Amanita ovoidea

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Amanita ovoidea
Amanita ovoidea 1.jpg
Scientific classification
Kingdom: Fungi
Division: Basidiomycota
Class: Agaricomycetes
Subclass: Hymenomycetes
Order: Agaricales
Family: Amanitaceae
Genus: Amanita
Species: A. ovoidea
Binomial name
Amanita ovoidea
Bull., Quél (1833)
  • Agaricus albus
  • Agaricus cuddle
Amanita ovoidea
View the Mycomorphbox template that generates the following list
Mycological characteristics
gills on hymenium
cap is convex
hymenium is free
stipe has a ring and volva

spore print is white

to cream
ecology is mycorrhizal

edibility: edible

but not recommended

The European white egg (Amanita ovoidea), Bearded Amanita or European Egg Amidella, is a species of fungus of the genus Amanita in the family Amanitaceae. It is a large, white-colored fungus, often tinged with cream. Native to Europe, it is found on plains as well as mountains in the Mediterranean region. The species was first described in 1833 by Pierre Bulliard, a French physician and botanist, and Lucien Quélet, a French mycologist and naturalist.


A. ovoidea mushroom in a forest.

The mushroom is white to cream-coloured and can reach very large sizes, over 15 cm, or in exceptional cases over 30 cm. The cap is smooth, fleshy, silky, hemispherical when young, but soon becoming convex to shield shaped. The cap margin is usually covered with hanging, cottony remains of the partial veil. The lamellae are thick, rounded, broad and are free from the stipe. The stipe is thick, cylindrical, powdery, has a fragile, cottony ring, and a large, white to ochraceous-cream volva at the base. The flesh is thick, white and has a strong, unpleasant smell. The spore print is white, and the elliptical spores measure 10–12 × 6.5–8 μm.[2][3]

Amanita proxima, a poisonous species containing allenic norleucine, is very similar to A. ovoidea. It is separated by the deep ochraceous to russet-orange colour of its volva, the persistent pendulous ring on the stipe, and the smooth cap margin, without vellar remains. A. proxima is found in the same habitats as A. ovoidea, and can cause cytolytic hepatitis and acute renal failure.[4]

Habitat and ecology[edit]

Amanita ovoidea is a symbiotic fungus, forming mycorrhizal associations with pine trees, as well as evergreen and deciduous oaks.[5][6] It is found in coniferous forests, deciduous forests, coastal regions, mountains, roadsides and grassy areas,[5][7] growing on limy, sandy and alkaline soils.[8]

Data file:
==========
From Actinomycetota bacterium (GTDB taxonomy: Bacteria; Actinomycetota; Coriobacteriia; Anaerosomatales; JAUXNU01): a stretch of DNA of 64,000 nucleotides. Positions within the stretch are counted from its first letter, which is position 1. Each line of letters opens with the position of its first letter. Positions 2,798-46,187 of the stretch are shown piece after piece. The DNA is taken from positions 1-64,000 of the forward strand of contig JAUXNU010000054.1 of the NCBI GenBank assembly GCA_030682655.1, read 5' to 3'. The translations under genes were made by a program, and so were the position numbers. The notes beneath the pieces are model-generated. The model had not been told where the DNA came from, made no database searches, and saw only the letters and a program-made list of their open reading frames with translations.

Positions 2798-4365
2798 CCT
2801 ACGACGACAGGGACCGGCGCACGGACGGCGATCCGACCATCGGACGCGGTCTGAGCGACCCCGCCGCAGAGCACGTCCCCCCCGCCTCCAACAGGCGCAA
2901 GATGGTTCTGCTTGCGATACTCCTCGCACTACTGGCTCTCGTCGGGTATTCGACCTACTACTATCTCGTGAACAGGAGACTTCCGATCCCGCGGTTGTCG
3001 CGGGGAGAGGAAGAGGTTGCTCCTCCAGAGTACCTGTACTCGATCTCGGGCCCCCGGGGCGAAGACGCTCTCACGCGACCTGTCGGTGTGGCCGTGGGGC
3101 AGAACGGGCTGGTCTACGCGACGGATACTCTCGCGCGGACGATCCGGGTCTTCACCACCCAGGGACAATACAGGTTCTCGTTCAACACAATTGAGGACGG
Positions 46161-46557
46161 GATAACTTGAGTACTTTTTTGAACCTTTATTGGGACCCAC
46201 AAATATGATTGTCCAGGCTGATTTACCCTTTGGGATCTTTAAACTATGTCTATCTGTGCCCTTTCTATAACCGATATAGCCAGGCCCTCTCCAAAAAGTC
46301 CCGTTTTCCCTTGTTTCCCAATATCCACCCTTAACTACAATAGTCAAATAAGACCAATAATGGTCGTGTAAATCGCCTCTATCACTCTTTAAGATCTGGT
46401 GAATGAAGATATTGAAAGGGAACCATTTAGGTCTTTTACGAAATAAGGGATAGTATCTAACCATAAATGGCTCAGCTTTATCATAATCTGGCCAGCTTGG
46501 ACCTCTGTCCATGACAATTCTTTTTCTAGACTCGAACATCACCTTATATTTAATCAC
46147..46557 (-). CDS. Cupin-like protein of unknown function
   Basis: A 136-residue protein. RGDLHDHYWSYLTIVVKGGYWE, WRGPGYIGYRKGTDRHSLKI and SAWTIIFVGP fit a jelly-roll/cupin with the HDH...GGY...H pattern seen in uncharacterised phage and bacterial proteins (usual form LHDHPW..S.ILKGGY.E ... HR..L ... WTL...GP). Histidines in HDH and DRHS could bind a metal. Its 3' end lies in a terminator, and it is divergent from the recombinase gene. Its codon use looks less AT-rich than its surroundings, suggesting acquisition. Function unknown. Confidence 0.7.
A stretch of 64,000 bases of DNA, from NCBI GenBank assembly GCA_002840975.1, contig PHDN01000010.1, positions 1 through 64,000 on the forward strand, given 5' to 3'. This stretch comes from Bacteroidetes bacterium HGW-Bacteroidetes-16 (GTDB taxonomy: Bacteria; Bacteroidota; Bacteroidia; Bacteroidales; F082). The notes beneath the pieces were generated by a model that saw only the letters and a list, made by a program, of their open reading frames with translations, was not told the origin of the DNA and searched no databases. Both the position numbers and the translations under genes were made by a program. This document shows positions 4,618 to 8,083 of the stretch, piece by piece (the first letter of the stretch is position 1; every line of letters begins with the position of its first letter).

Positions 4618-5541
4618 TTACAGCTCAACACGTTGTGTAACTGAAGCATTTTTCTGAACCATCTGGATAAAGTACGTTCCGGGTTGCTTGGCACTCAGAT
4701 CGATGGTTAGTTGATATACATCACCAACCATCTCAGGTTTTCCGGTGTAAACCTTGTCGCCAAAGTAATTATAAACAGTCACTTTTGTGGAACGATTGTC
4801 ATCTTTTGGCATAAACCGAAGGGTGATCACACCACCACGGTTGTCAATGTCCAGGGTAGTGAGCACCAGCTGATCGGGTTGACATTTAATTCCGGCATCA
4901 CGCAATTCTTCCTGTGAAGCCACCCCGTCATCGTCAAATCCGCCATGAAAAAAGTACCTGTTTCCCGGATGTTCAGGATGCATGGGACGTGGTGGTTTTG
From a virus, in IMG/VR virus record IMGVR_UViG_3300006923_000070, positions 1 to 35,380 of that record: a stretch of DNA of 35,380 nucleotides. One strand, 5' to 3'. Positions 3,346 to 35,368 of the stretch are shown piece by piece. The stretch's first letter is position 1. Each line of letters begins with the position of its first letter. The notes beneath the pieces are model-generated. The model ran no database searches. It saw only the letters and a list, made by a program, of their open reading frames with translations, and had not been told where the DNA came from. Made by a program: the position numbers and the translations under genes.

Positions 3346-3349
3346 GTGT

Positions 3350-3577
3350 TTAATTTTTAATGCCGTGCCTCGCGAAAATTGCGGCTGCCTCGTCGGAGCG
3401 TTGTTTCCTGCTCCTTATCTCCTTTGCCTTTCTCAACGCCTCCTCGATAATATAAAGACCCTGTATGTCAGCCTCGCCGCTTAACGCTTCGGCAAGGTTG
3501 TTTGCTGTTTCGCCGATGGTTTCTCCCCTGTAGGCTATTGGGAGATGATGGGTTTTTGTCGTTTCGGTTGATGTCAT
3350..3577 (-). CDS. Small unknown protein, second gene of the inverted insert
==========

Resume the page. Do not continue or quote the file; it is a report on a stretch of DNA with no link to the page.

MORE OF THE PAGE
In Bulgaria, the species is in danger due to habitat loss caused by selective logging, human settlements and natural causes like acid rain and soil pollution.[8]


The edibility of Amanita ovoidea is dubious. In the past, the fungus has been reported as "edible" in some books and "poisonous" in others. Moreover, it can easily be confused with other all-white, deadly poisonous Amanita species, such as Amanita virosa, Amanita verna and, in particular, Amanita proxima.[9] In southern France, some people were inflicted with acute renal insufficiency because they accidentally consumed A. proxima, mistaking it for A. ovoidea.[10][11] Similar cases of poisoning have also been reported from Cyprus.[12]

A study on the minerals in fungi from northwest Turkey, including this species, concluded A. ovoidea was safe to eat and could fulfill nutritional needs.[13]

However, recent chemical analyses performed on A. ovoidea, have reported the presence of polyphenols and polysaccharides, together with sterol and triterpene glycosides, as well as low levels of allenic norleucine, the same potentially deadly nephrotoxin present in A. proxima. The authors of this study advise against the consumption of this mushroom.[14]

See also[edit]


  1. ^ "Amanita ovoidea" (in German). 
  2. ^ Galli R. 2007. Le Amanite 2nd Edition. Edinatura.
  3. ^ Neville P, Poumarat S. 2004. Fungi Europaei 9: Amanitae. Edizioni Candusso, Italia.
  4. ^ Ducros J, Labastie J and Saingra S. (1995). Una observation supplementaire d’intoxication par Amanita proxima a l’origine d’insuffisance renale aigue. Nephrologie, 16: 341.
  5. ^ a b "Amanita ovoidea". Roger's Mushrooms. Retrieved 2010-05-24. 
  6. ^ "Amanita ovoidea (Bull.: Fr)". Agraria. Retrieved 2010-05-24. 
  7. ^ R E, Tulloss. "Amanita ovoidea". 
  8. ^ a b "Amanita ovoidea". Red Data Book of Bulgaria. 
  9. ^ Pérez Calvo200, Javi (2009-01-23). "Amanita ovoid". Fungipedia. Retrieved 2010-05-24. 
  10. ^ de Haro L, Jouglard J, Arditti J, David JM. (1998). Acute renal insufficiency caused by Amanita proxima poisoning: experience of the Poison Center of Marseille. Nephrologie (19): 21–4.
  11. ^ Leray H, Canaud B, Andary C, Klouche K, Béraud JJ and Mion C. (1994). Intoxication par Amanita proxima. Néphrologie 15: 197-199.
  12. ^ Loizides M., Kyriakou T., Tziakouris A. (2011). Edible & Toxic Fungi of Cyprus. 1st Edition, 304 p. ISBN 978-9963-7380-0-7
  13. ^ "Minor element and heavy metal content of edible wild mushrooms native to Bolu, North-West Turkey". Fresenius Environmental Bulletin 17 (2): 249–252. 2008. Retrieved 2010-05-24. 
  14. ^ Biagi, M., Martelli, L., Perini, C., Di Lella, L., Miraldi, E. (2014). Investigations into Amanita ovoidea (Bull.) Link.: Edible or Poisonous? Natural Resources, 2014, 5, 225-232. Published Online DOI: 10.4236/nr.2014.56021.